Detroit students protest missing teachers, easy A’s

Detroit high school students walked out to protest absent teachers and the principal’s removal at an all-boys public school, reports the Detroit Free Press. Fifty students were suspended.

As recently as last month, students spent weeks passing time in the gym, library or cafeteria due to a lack of teachers, parents said.

. . . “Theyre failing these young black men,” said Sharise Smith, who has two sons at Douglass.Smith said her son received an A in geometry during the first semester without taking a final exam.”It was by default, just for showing up. It wasnt because he earned an A,” Smith said.

Students chanted, “We want an education.”

Seattle college tires of ‘Occupy’ campers

“Occupy Seattle” campers have worn out their welcome at a downtown community college. Crowding, poor sanitation, sexual harassment and doing drugs in sight of the child-care center — kids are being kept inside for play time — are problems, say college officials as they look for a legal basis for eviction.

Also on Community College Spotlight: A new California plan will make community college students choose an academic or vocational path, but it won’t work without improving counseling.

Protesters ‘occupy’ standards meeting

A chanting crowd stopped discussion of common standards at a meeting of New York City’s Panel for Educational Policy on Tuesday night, reports Curriculum Matters.

This YouTube video shows Chancellor Dennis Walcott trying to start the meeting, which was intended to explain how adoption of Common Core Standards will affect curriculum in city schools. The “Occupy the DOE” protesters said the decision was made without input from teachers and parents.

Demonstrators also chant that the city wants to raise standards without the supports that students need to reach them.

As they file out the front door of the building, the demonstrators chant, “Show me what democracy looks like! This is what democracy looks like!”

After the meeting was canceled, Walcott and the other panelists met with parents in upstairs classrooms.

Backlash

“We have to destroy education in order to save it,” writes Zombie on PJ Media after attending a San Francisco rally in which teachers and their students demanded more funding.  (Yes, it was a school day.) Update: But the rally didn’t start till 4 pm.

He includes photos of the Los Angeles protest by Ringo of Ringo’s Pictures.

• As you can see in the many photos illustrating this essay, their demands for more money were accompanied by many ancillary leftist slogans like “Tax the Rich!” and “Workers’ Power!” and “Cutting Education Is Class War” and so on. So this wasn’t just about requesting more funding for education: The content of the rally itself revealed that increasing school funding is just a component of a larger leftist agenda — school funding is being used as a lever to penalize the rich, increase power for unions, and so forth.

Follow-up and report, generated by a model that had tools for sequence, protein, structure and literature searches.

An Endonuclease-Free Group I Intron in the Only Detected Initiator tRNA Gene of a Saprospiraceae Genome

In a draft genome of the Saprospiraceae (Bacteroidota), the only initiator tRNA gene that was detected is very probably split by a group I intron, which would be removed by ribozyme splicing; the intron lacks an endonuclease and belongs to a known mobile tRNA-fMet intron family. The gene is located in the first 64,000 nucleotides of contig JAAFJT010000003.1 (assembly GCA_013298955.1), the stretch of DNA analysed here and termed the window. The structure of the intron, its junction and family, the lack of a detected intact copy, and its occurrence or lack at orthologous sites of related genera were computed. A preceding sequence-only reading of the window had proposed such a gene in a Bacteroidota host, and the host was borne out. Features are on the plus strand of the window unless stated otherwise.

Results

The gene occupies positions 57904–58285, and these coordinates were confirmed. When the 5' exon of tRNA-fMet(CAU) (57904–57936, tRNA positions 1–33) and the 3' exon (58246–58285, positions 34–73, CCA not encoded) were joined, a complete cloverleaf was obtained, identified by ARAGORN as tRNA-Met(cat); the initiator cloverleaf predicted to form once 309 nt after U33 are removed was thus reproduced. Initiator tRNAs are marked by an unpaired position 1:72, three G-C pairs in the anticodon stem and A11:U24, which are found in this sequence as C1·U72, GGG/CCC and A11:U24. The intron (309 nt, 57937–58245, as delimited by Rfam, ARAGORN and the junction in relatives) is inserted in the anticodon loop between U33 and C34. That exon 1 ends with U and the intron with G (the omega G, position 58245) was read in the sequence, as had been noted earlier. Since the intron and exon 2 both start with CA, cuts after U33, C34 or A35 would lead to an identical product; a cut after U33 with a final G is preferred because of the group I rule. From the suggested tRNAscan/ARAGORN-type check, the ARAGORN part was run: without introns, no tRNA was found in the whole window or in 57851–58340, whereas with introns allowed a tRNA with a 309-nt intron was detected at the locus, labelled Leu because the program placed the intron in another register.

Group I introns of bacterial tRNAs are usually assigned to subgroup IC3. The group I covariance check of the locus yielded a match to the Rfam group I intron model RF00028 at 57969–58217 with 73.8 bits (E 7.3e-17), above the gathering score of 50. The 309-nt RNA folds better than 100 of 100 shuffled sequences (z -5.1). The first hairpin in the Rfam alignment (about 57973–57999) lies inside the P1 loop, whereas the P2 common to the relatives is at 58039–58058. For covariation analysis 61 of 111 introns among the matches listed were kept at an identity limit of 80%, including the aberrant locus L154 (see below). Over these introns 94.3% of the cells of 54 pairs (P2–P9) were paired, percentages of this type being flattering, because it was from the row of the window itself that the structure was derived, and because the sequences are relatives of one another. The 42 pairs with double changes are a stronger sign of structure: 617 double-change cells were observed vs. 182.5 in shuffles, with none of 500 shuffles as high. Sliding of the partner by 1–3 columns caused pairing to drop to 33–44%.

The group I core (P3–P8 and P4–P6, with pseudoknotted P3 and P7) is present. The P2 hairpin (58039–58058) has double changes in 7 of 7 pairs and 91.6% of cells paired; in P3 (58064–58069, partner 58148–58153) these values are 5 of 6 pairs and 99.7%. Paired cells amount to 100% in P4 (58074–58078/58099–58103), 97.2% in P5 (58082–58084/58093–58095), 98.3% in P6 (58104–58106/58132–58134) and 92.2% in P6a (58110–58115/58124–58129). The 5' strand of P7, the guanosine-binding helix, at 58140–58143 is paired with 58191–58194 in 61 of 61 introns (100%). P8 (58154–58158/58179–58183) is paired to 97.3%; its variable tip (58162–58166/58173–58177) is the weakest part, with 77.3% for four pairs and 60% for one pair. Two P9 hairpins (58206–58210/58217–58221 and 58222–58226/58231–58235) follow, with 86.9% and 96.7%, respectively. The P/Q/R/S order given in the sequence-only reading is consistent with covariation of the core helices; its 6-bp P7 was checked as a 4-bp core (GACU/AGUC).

Teachers aren’t supposed to be indoctrinators, Zombie writes.

United Teachers of Los Angeles carried signs with green Che Guevera stickers.

Parents get annoyed when teachers co-opt students for political campaigns, even if it’s presented as supporting education. Throw in Che Guevera and they get very annoyed.

Dressed as zombies, coincidentally, University of Wisconsin students protesting budget cuts disrupted an event for Special Olympians because Gov. Scott Walker was speaking. Bad manners and really bad PR, writes Ann Althouse.

Liberty High bans taped-mouth protest

When is a silent protest too “distracting” for school? asks Greg at Rhymes With Right.

At the ironically named Liberty High in Virginia, administrators told students they couldn’t tape their mouths shut to protest abortion because it was a distraction.

In Tinker v. Des Moines, the U.S. Supreme Court said students had a First Amendment right to wear black armbands to school to protest the Vietnam War. Greg asks:

Now tell me, how does tape over the mouth in any way rise to the standard set in this case — “substantial interference with school discipline or the rights of others” — in light of the fact that the tape would be in no way more disruptive than the black armbands in Tinker?

This seems like a fairly clear violation of Tinker. It’s not uncommon for student protesters to tape their mouths. On the annual Day of Silence to protest harassment of gays, students often duct-tape their mouths.